Mae West (born Mary Jane West; August 17, 1893 – November 22, 1980) was an American stage and film actress, playwright, screenwriter, singer, and sex symbol whose entertainment career spanned over seven decades. She was known for her breezy sexual independence, and her lighthearted bawdy double entendres, often delivered in a husky contralto voice. She was active in vaudeville and on stage in New York City before moving to Los Angeles to pursue a career in the film industry.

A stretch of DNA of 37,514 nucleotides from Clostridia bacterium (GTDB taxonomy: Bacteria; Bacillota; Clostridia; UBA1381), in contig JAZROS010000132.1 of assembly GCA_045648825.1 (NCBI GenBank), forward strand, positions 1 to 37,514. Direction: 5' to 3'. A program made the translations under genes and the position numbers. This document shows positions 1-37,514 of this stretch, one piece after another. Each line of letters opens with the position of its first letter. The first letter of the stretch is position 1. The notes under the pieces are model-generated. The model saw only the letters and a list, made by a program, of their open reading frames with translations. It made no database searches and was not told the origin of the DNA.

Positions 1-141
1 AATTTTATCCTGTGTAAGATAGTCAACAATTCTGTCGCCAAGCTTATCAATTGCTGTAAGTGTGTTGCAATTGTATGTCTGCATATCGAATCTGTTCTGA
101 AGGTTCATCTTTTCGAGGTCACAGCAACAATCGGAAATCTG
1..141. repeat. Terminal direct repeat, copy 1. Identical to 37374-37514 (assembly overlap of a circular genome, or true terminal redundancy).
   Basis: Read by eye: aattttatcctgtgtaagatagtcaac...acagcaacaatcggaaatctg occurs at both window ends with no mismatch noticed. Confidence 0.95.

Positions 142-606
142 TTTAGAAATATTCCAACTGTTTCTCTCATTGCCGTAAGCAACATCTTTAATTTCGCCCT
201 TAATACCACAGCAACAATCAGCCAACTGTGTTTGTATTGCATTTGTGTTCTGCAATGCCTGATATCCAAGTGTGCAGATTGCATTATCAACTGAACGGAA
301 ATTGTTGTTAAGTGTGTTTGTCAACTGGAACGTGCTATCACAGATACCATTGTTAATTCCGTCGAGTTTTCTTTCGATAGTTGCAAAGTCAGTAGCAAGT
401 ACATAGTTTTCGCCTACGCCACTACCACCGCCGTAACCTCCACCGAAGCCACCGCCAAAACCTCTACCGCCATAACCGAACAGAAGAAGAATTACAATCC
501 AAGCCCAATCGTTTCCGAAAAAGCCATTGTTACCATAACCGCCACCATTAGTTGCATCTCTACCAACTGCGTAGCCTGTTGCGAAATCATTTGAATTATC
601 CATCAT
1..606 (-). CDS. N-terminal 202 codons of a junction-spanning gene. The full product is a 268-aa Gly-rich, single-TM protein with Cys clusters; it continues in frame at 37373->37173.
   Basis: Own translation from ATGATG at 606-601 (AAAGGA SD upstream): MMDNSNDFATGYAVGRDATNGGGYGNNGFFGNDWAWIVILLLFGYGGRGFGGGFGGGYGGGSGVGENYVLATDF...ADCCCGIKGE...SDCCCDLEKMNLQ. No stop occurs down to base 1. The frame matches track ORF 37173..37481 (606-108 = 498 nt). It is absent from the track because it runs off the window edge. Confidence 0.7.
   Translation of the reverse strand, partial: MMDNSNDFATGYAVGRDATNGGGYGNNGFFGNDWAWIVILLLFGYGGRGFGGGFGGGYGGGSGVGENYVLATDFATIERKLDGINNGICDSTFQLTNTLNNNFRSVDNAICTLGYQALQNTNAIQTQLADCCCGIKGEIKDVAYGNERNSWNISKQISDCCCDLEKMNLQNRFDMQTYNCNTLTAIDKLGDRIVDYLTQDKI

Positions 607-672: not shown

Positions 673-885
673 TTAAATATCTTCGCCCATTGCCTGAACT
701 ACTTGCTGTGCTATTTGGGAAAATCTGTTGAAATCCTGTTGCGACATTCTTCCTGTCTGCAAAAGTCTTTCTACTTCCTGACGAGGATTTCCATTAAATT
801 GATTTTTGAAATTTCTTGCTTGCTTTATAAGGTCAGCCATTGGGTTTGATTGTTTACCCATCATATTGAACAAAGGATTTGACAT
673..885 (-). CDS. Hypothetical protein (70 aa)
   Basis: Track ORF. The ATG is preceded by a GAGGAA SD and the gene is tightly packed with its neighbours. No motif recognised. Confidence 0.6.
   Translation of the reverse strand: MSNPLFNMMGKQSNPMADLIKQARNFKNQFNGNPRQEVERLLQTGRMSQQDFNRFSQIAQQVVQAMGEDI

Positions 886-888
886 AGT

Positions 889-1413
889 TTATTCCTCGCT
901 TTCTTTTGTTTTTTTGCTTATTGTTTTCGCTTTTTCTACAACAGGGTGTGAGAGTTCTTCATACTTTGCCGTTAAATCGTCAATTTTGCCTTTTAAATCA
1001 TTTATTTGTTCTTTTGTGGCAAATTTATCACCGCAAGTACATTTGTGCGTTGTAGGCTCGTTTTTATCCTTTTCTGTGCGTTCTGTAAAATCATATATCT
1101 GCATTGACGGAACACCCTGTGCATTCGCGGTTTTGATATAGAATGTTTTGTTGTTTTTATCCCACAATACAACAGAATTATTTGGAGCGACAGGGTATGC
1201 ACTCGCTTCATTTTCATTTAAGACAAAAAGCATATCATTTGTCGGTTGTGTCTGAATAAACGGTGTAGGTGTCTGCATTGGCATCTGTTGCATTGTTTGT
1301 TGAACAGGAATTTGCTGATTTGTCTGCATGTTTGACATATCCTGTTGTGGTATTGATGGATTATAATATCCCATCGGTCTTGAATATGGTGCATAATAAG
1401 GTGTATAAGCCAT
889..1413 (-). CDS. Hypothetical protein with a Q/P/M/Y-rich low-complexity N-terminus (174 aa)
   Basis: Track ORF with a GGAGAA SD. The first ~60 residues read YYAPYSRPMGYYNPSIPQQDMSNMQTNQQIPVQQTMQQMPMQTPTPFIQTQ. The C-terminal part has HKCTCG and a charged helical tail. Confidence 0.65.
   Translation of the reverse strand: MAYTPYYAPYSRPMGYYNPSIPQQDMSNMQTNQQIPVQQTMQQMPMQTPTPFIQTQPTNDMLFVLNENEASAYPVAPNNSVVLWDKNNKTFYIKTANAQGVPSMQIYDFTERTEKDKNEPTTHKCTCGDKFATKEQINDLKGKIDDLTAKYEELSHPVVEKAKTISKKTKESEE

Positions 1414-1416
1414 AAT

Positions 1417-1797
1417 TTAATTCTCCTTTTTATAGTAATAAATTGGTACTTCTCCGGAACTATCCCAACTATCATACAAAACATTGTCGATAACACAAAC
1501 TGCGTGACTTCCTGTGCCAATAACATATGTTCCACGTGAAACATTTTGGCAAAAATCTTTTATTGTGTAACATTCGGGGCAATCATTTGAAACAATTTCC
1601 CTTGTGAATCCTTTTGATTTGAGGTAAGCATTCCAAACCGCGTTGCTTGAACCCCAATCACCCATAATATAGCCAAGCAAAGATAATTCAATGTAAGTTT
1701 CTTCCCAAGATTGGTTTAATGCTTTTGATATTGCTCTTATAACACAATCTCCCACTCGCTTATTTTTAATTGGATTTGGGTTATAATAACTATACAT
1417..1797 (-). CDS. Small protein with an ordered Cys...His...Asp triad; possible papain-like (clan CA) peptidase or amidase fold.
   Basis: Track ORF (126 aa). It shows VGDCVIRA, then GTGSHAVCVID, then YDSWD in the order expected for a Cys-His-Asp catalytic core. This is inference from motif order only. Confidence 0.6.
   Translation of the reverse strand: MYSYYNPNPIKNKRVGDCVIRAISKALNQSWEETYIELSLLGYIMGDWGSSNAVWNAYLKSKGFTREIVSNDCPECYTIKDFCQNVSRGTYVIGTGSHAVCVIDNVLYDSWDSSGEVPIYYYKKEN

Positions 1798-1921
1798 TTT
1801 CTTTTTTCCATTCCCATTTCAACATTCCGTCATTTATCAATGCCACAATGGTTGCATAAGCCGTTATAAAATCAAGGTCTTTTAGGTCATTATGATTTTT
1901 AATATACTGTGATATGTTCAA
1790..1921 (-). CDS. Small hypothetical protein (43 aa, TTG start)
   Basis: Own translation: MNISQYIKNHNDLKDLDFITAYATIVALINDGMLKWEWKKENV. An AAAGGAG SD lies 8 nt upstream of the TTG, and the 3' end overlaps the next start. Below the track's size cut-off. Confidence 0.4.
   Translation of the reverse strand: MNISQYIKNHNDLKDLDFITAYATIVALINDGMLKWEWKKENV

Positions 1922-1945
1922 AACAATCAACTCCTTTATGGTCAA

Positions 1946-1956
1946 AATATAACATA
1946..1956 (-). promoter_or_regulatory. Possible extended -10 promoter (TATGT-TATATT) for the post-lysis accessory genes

Mary Jane West
August 17, 1893
Brooklyn, New York, U.S.
|Died||November 22, 1980 87) (aged|
Los Angeles, California, U.S.
(m. 1911; div. 1943)
|Partner(s)||Paul Novak (1954–1980; her death)|
West was one of the most controversial movie stars of her day; she encountered problems especially with censorship. She once quipped, "I believe in censorship. I made a fortune out of it." She bucked the system by making comedy out of conventional mores, and the Depression-era audience admired her for it. When her film career ended, she wrote books and plays, and continued to perform in Las Vegas and the United Kingdom, on radio and television, and recorded rock 'n roll albums. In 1999, the American Film Institute posthumously voted West the 15th greatest female screen legend of classic American cinema.